En EspaŅol
Share

Ask Mr. Smarty Plants

Mr. Smarty Plants - Searching for a dye made from a French weed

Ask Mr. Smarty Plants is a free service provided by the staff and volunteers at the Lady Bird Johnson Wildflower Center.

Search Smarty Plants
    
 
See a list of all Smarty Plants questions
Can't find the answer in our existing FAQs, submit a question to Mr. Smarty Plants.

Need help with plant identification, visit the plant identification page.
 
rate this answer
Not Yet Rated

Tuesday - June 09, 2009

From: Ogden, UT
Region: Rocky Mountain
Topic: Plant Identification
Title: Searching for a dye made from a French weed
Answered by: Nan Hampton

QUESTION:

Dear Mr smarty plants, I watched a gardening show on cable and they talked about a place in France where they use a weed called Wod to make dye and dye fabric and several other items to sell. It was fascinating and I wanted to learn more about this weed and the dying process. Or even where in France they make this dye, and if you can purchase their products. Have you ever heard of this plant? They said Marys' dress was dyed with this color, it is very long lasting and does not fade. I hope you can give me some information on this. Thank you so much,

ANSWER:

Mr. Smarty Plants thinks he has found your plant.  You can read a fascinating history (by Professor Arthur C. Gibson, who teaches a course on economic botany at UCLA) of Isatis tinctoria (Woad), a European member of the Family Brassicaceae (Mustard Family), the plant used for blue dyes for centuries in Europe. Not only was it used for dyeing fabrics but also was used in the British Isles as a body dye to frighten foes.  (Remember Mel Gibson's facepaint in the movie "Braveheart"?)  There is another website called The Woad Page that gives more history of the dye and its uses. There are also links to suppliers of woad powder in France and in England on this page as well as instructions for making the dye from the plants and dyeing with it.  Now that you know the correct spelling of its name you can probably find U.S. sources for woad powder by googling on the name.  Or, you could collect and make your own dye since Isatis tinctoria (Dyer's woad), though not native, grows and is considered invasive over most of the western United States, including Utah where it is appears on the Utah State-listed Noxious Weeds. Here is link to photos from University of California-Berkeley's CalPhotos site.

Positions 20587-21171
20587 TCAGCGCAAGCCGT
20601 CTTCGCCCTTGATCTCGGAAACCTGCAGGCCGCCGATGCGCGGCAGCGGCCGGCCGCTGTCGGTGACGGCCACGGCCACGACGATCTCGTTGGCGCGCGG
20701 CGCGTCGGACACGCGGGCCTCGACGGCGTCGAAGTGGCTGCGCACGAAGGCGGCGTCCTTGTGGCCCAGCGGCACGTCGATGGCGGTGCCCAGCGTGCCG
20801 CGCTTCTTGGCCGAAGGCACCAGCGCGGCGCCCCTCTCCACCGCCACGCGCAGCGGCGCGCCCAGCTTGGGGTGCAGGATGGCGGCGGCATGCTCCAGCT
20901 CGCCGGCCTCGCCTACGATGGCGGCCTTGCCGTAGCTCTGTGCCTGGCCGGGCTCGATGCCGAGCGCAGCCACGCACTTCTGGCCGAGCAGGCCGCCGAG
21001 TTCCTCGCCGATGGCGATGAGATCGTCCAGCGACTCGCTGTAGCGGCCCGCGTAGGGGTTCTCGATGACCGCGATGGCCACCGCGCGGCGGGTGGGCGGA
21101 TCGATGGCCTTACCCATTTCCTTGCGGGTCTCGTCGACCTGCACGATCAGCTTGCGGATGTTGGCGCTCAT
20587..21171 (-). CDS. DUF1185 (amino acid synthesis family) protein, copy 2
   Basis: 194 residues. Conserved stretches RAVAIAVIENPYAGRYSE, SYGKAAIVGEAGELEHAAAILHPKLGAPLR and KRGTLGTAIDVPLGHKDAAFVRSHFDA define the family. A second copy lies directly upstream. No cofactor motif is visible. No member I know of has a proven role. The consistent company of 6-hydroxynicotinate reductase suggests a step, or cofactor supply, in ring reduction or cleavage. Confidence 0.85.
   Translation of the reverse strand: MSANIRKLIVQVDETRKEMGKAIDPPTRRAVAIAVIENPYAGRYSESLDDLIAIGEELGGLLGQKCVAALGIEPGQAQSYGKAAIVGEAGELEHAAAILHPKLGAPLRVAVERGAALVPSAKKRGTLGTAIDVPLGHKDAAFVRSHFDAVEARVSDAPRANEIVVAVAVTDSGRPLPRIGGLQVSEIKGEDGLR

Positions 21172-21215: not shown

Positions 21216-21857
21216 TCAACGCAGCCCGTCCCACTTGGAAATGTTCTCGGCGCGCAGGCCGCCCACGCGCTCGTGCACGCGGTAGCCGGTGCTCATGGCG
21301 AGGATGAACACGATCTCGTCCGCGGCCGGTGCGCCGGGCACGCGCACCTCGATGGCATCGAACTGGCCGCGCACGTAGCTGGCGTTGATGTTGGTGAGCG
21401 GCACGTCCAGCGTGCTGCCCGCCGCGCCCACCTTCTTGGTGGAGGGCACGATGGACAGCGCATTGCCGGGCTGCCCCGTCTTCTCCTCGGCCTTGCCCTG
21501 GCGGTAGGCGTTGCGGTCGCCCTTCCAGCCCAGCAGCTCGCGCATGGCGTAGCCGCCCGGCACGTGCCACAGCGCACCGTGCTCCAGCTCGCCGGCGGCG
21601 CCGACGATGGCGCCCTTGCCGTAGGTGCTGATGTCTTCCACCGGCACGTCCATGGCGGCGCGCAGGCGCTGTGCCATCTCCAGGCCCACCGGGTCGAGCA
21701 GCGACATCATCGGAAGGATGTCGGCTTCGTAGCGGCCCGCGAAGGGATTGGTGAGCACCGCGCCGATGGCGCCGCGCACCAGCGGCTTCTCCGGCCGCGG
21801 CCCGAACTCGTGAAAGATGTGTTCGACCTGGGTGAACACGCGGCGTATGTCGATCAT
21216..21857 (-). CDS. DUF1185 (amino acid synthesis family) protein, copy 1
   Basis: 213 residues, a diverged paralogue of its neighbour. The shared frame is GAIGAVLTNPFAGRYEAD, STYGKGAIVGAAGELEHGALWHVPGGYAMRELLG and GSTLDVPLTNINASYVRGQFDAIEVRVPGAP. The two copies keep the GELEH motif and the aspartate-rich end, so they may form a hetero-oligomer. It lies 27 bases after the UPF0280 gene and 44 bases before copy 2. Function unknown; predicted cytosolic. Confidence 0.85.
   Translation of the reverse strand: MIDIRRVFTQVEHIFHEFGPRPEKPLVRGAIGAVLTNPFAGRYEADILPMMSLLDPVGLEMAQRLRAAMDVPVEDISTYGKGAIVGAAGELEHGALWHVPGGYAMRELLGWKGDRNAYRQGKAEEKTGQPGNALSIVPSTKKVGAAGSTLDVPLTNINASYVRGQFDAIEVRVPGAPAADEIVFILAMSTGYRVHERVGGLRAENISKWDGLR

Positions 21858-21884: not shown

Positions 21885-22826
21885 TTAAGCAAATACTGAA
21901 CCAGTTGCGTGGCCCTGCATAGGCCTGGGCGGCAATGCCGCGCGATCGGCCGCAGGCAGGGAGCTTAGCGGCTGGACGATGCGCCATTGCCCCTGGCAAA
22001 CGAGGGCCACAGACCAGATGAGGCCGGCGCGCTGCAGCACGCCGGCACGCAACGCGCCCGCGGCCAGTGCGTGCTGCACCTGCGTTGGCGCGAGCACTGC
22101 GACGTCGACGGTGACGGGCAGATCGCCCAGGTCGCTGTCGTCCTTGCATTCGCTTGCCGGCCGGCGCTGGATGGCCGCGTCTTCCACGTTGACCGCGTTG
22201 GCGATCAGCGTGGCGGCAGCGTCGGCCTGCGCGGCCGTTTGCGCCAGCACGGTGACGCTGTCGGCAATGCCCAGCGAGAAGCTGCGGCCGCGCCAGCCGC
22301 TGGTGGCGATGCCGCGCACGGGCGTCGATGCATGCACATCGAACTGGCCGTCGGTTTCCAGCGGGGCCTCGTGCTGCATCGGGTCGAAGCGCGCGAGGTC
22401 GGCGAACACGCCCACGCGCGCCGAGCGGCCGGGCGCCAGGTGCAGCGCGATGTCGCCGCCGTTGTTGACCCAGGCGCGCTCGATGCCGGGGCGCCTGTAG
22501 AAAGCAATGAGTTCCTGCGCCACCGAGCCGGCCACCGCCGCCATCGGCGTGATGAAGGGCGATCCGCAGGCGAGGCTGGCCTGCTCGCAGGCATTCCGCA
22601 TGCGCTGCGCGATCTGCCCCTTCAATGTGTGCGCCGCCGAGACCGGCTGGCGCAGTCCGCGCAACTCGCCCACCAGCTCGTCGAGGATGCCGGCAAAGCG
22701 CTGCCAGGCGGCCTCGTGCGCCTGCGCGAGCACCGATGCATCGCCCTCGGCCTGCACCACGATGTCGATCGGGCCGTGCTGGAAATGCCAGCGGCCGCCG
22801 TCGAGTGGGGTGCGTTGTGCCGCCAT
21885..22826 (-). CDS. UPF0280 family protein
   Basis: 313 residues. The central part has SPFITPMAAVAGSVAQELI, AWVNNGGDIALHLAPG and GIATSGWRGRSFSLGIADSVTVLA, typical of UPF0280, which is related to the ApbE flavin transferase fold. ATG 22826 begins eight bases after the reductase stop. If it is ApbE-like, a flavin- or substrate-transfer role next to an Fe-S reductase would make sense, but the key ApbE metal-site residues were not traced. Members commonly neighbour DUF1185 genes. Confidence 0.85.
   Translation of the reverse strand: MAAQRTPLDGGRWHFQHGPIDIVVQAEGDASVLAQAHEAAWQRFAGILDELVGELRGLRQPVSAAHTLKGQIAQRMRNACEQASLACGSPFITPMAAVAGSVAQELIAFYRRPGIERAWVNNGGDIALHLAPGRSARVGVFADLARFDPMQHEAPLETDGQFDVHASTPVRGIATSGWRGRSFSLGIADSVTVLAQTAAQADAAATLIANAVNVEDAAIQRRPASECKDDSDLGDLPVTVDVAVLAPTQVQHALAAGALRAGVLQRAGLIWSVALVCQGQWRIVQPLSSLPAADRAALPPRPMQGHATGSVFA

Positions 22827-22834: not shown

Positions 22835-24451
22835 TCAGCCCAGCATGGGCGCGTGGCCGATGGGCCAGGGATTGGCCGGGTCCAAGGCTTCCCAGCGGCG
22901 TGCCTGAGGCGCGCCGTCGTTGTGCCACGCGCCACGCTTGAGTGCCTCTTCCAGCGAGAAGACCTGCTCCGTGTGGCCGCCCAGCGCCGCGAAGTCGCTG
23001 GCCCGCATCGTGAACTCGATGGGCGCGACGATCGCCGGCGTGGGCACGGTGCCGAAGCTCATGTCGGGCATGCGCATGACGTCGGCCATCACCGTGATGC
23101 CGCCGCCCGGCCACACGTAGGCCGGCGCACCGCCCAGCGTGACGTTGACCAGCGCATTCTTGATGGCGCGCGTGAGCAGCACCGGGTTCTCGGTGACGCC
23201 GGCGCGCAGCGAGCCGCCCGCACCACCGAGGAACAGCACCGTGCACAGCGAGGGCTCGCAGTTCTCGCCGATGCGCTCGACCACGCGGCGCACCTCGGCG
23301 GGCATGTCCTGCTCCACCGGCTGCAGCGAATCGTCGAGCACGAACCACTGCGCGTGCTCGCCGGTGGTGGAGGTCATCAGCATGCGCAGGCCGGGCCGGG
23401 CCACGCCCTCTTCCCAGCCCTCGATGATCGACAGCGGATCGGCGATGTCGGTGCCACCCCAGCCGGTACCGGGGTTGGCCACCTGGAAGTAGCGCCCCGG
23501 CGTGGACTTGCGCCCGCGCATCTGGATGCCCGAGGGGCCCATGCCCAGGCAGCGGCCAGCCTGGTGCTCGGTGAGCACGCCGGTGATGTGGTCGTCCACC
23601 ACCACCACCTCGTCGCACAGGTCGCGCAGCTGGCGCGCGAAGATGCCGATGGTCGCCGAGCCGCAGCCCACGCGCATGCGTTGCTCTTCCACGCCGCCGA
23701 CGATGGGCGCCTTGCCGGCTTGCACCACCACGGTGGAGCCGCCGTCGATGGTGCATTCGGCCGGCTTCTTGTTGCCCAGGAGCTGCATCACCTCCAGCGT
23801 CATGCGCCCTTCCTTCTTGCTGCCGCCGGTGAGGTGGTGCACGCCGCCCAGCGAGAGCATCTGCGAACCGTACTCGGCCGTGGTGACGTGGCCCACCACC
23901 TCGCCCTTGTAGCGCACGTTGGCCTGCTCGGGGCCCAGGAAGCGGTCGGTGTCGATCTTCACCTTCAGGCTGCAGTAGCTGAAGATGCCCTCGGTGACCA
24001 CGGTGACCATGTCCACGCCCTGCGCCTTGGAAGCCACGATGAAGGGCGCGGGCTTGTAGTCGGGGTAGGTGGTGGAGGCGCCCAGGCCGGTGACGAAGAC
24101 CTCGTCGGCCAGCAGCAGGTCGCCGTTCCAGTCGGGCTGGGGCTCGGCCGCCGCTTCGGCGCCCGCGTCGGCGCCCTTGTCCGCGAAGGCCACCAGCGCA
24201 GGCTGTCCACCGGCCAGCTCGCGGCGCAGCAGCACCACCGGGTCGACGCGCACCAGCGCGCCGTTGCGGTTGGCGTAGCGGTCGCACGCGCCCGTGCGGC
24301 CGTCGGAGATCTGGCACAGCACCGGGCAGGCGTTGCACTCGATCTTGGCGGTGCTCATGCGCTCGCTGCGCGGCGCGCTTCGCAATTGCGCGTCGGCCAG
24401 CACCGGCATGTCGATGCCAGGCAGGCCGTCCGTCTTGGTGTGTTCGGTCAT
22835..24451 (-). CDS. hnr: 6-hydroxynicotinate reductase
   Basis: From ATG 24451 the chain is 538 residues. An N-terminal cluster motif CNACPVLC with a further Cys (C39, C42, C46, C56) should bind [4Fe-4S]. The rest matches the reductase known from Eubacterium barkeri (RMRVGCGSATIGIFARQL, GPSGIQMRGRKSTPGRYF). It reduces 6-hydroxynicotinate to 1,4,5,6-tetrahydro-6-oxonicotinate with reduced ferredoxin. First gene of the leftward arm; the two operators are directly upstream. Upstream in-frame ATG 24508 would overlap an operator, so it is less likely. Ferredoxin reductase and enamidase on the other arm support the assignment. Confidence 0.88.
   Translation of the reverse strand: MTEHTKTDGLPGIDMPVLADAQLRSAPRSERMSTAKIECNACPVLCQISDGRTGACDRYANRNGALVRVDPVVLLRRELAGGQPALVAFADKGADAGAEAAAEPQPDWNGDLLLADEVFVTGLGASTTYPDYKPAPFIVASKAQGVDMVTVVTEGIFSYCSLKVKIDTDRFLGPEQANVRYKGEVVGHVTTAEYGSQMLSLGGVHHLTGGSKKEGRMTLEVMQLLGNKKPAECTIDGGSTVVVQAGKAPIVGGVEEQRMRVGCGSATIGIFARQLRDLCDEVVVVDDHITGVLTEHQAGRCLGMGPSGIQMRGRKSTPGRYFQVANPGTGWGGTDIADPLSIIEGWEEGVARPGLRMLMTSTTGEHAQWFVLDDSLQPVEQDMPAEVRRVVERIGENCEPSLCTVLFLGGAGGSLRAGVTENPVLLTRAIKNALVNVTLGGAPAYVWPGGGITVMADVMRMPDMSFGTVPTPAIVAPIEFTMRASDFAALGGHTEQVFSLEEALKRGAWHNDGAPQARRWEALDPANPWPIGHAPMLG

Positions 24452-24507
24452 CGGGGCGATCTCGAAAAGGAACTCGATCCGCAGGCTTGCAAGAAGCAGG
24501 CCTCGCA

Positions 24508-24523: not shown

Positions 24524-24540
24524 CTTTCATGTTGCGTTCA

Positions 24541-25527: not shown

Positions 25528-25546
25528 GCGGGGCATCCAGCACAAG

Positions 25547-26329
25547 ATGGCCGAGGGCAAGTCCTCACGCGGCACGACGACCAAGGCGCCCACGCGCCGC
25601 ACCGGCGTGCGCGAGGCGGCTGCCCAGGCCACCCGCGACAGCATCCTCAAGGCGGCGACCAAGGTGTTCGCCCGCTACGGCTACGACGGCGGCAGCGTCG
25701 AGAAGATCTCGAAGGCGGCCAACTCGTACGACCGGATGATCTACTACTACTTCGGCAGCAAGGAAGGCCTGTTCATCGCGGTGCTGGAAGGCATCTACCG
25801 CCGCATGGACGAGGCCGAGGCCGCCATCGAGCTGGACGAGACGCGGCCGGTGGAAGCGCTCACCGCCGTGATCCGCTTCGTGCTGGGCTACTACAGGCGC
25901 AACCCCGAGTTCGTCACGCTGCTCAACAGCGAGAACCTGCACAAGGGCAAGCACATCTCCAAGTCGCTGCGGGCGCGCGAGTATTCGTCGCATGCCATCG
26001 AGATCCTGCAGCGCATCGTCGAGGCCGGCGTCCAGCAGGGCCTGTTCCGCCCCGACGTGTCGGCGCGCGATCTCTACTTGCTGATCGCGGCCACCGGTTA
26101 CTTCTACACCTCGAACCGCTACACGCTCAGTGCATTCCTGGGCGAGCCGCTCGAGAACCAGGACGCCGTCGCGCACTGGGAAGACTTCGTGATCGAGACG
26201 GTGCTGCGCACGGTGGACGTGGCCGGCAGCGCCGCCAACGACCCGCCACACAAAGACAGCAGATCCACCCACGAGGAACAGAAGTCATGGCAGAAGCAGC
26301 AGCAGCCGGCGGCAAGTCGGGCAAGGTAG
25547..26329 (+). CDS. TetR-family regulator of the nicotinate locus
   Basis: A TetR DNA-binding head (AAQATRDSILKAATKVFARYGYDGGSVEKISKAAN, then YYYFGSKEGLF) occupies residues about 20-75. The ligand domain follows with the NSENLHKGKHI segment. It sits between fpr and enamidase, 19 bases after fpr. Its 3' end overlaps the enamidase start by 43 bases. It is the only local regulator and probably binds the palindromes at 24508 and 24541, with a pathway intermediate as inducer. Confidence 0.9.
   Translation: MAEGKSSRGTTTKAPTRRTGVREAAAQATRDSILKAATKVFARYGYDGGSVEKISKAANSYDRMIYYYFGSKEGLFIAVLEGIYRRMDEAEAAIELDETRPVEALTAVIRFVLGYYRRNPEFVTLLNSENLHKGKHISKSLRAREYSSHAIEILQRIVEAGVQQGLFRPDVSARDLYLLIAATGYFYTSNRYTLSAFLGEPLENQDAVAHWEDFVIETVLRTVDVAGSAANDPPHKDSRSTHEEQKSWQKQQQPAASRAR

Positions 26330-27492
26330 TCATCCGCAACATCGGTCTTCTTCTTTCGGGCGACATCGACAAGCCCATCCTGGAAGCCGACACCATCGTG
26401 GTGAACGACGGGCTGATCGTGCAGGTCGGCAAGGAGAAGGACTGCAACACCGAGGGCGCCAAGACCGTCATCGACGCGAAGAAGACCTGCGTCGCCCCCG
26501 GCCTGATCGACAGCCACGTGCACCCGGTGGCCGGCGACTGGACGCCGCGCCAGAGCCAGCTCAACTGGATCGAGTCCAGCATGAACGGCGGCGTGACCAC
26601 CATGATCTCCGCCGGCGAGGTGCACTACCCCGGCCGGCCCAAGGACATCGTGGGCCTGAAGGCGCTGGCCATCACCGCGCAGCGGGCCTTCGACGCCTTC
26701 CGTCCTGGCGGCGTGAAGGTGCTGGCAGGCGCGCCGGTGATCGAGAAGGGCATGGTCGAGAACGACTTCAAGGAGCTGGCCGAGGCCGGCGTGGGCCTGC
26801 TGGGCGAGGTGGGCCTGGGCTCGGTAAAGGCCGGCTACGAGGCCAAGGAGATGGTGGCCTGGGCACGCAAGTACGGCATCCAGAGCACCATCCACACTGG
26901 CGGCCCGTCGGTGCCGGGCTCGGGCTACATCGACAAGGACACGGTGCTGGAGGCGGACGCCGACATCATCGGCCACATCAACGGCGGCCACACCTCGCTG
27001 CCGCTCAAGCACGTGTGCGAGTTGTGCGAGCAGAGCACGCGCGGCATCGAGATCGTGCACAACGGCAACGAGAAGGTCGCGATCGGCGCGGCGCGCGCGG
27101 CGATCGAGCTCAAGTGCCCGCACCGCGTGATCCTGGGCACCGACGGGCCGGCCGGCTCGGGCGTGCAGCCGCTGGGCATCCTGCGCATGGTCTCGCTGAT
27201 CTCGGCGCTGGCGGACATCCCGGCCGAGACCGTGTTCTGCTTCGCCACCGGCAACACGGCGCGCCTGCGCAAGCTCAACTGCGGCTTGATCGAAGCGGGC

More Plant Identification Questions

Identification of a cucumber-like vine with fruit
November 16, 2011 - We found tiny, grape-size white melon-like fruit on a vine, with tomato-like/cucumber-like seeds. The leaves on the vine were similar to grape or cucumber leaves, but not spiny. They were behind our...
view the full question and answer

Pink flower in South Carolina, perhaps poisonous
July 09, 2008 - I saw a beautiful plant while touring Charleston, SC. I do not remember the name - the tour guide talked about a long time ago women giving it to their husband's in tea (maybe?) to kill them. Of co...
view the full question and answer

Identification of plant from childhood
April 23, 2011 - I am trying to locate and identify a plant from my childhood (I'm 65). It was either a small tree or possibly a tree formed hedge like plant. It had small roundish leaves scattered on tiny limbs simi...
view the full question and answer

Name of epiphyte growing on oak trees
June 15, 2006 - Please tell me what the epiphyte growing on the oak trees is.
view the full question and answer

Plant Identification
June 23, 2011 - I live in Alaska and have TEENY cute 5 petaled white flowers growing on my lawn. They are very short, maybe 2 inches in height. The flower is about 1/2 inch wide. They look like a perfect tiny daisy. ...
view the full question and answer

Smarty Plants's Facebook profile Support the Wildflower Center by Donating Online or Becoming a Member today.

Mr. Smarty Plants wants you to be his Facebook friend. Click the Facebook icon to add yourself to Mr. Smarty Plants list of friends.
E-NEWSLETTER | BECOME A MEMBER | DONATE NOW | MEDIA | SITEMAP
© 2014 Lady Bird Johnson Wildflower Center